Friday, October 20, 2006

Picking money over time-- are we working too much? (Take Back Your Time Day, 10/24)

It's almost October 24th, which is Take Back Your Time Day. It's set on October 24th because that's 9 weeks before the end of the year, and the average American works almost 9 weeks (350 hours) more each year than the average citizen of Western Europe. 350 hours!

Part of that is because of less vacation time (and other time off, like holidays, sick leave, parental leave, etc); as I wrote last month , we take less than half the vacation days that our European counterparts do.

Another big issue is overtime. In America, mandatory overtime is at near-record levels, and the average American works more hours a year than ever before. You wouldn't think it would be this way. Back in 1965, a Senate committee predicted we'd have an average 22 hour work week in 1985 and a 14 hour work week by 2000! Why? Because of automation and increased productivity. Well, the technology and the productivity have come along pretty much on schedule (and other countries have taken advantage by working less). But in America, instead of harnessing that to give us a shorter work-week and more leisure time, we are working more than ever before and spending more than ever before. Per-capita consumption has nearly doubled in real dollars, from $11,171 to $22,152, in the last 30 years or so. Instead of cutting our work time in half, we've just doubled our spending.

Overwork has serious consequences. It damages our health, interferes with our relationships with family and friends, and cuts down the quality of the free time we do have (when we're too tired to do more than "veg out"). Our communities suffer when we're too busy and tired to volunteer, participate politically/civically, or be creative. Overwork hurts the environment (studies show that the more hours we work, the more processed and over-packaged products we buy, and the less we recycle). And our productivity per hour is actually less than in other countries where people work less. [Check out a terrific New York Times Op-Ed piece on these issues and more, reprinted here.]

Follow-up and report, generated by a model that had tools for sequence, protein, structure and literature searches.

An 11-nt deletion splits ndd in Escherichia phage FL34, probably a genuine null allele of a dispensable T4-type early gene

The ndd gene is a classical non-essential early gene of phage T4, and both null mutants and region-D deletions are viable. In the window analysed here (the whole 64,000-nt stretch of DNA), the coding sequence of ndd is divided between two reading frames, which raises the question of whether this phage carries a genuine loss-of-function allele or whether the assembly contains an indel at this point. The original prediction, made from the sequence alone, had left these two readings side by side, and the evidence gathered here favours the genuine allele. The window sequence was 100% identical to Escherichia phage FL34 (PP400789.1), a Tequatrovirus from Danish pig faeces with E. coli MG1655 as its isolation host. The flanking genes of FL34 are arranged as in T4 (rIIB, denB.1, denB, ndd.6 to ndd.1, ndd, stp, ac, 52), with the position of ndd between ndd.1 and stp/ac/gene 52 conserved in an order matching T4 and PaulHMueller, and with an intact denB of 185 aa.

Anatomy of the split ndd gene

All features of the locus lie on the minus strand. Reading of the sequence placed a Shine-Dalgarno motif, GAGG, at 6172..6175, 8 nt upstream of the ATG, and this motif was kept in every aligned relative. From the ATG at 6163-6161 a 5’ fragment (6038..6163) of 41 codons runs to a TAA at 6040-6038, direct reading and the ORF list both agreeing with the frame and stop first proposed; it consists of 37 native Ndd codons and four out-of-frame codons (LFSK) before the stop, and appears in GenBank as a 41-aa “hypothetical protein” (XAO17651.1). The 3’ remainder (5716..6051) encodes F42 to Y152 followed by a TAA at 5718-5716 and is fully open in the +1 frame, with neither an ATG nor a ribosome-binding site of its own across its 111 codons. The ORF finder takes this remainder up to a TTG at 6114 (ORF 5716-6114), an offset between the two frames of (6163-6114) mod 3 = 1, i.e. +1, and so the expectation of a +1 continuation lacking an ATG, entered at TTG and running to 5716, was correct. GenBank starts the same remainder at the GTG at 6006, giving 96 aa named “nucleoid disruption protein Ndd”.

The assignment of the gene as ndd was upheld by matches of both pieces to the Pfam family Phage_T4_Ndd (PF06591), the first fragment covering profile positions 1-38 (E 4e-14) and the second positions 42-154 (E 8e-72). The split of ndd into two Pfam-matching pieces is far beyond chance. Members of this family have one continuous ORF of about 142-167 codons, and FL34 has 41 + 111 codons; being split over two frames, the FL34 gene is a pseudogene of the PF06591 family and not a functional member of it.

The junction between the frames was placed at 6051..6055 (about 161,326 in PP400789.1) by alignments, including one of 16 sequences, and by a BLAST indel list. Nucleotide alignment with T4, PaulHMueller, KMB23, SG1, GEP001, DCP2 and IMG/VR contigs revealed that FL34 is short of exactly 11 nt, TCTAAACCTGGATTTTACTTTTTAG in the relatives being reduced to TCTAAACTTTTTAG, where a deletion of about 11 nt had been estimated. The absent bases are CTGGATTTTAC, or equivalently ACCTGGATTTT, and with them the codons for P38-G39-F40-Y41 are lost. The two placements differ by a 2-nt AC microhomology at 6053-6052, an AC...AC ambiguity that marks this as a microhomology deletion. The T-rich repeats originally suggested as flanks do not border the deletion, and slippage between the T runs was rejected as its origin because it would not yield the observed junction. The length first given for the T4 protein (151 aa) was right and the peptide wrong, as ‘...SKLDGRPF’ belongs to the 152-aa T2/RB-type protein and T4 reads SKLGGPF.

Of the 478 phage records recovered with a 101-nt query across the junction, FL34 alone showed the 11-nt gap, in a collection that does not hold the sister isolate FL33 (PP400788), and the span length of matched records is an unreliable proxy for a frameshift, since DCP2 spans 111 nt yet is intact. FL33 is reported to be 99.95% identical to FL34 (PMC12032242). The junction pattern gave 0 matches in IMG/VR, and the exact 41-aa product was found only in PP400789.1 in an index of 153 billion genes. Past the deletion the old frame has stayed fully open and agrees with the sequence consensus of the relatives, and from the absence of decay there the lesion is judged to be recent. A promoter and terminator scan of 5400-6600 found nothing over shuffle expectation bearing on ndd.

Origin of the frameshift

Take Back Your Time Day is a day to spread the word about this situation, to encourage others to stop and think about how much we're all working and whether it needs to be that way. And recognizing that the problem and our hopes for improving it come from both an individual and societal level, Take Back Your Time has both small-scale and big picture suggestions to address the problems.

Some of the many individual/small-scale suggestions they make:

  • Keep track of your expenses on such "time savers" as fast food, convenience items, etc. and calculate how much work-time it takes you to buy them
  • Cut TV viewing to one hour a day or eliminate the TV for a week
  • Take a long walk
  • Learn to meditate
  • Start a discussion about work-sharing in your work place
  • Have a meeting in which everyone brings one item they bought but never used, and talk about spending habits
  • Put up posters and signs about Take Back Your Time
  • Read some of these thought-provoking books about Take Back Your Time issues, and share and discuss them with friends and neighbors
  • Take back four "windows of time" between Take Back Your Time Day and December 31st for slow, quiet, life-renewing activities ( see here for more)
There's also the Time to Care six-point policy agenda, most of which has already been implemented in many or most European countries:
  • Guaranteeing paid parental leave
  • Guaranteeing at least one week paid sick leave
  • Guaranteeing at least three weeks paid vacation leave
  • Putting limits on employers' ability to impose mandatory overtime
  • Making Election Day a holiday
  • Making it easier for employees to choose part-time work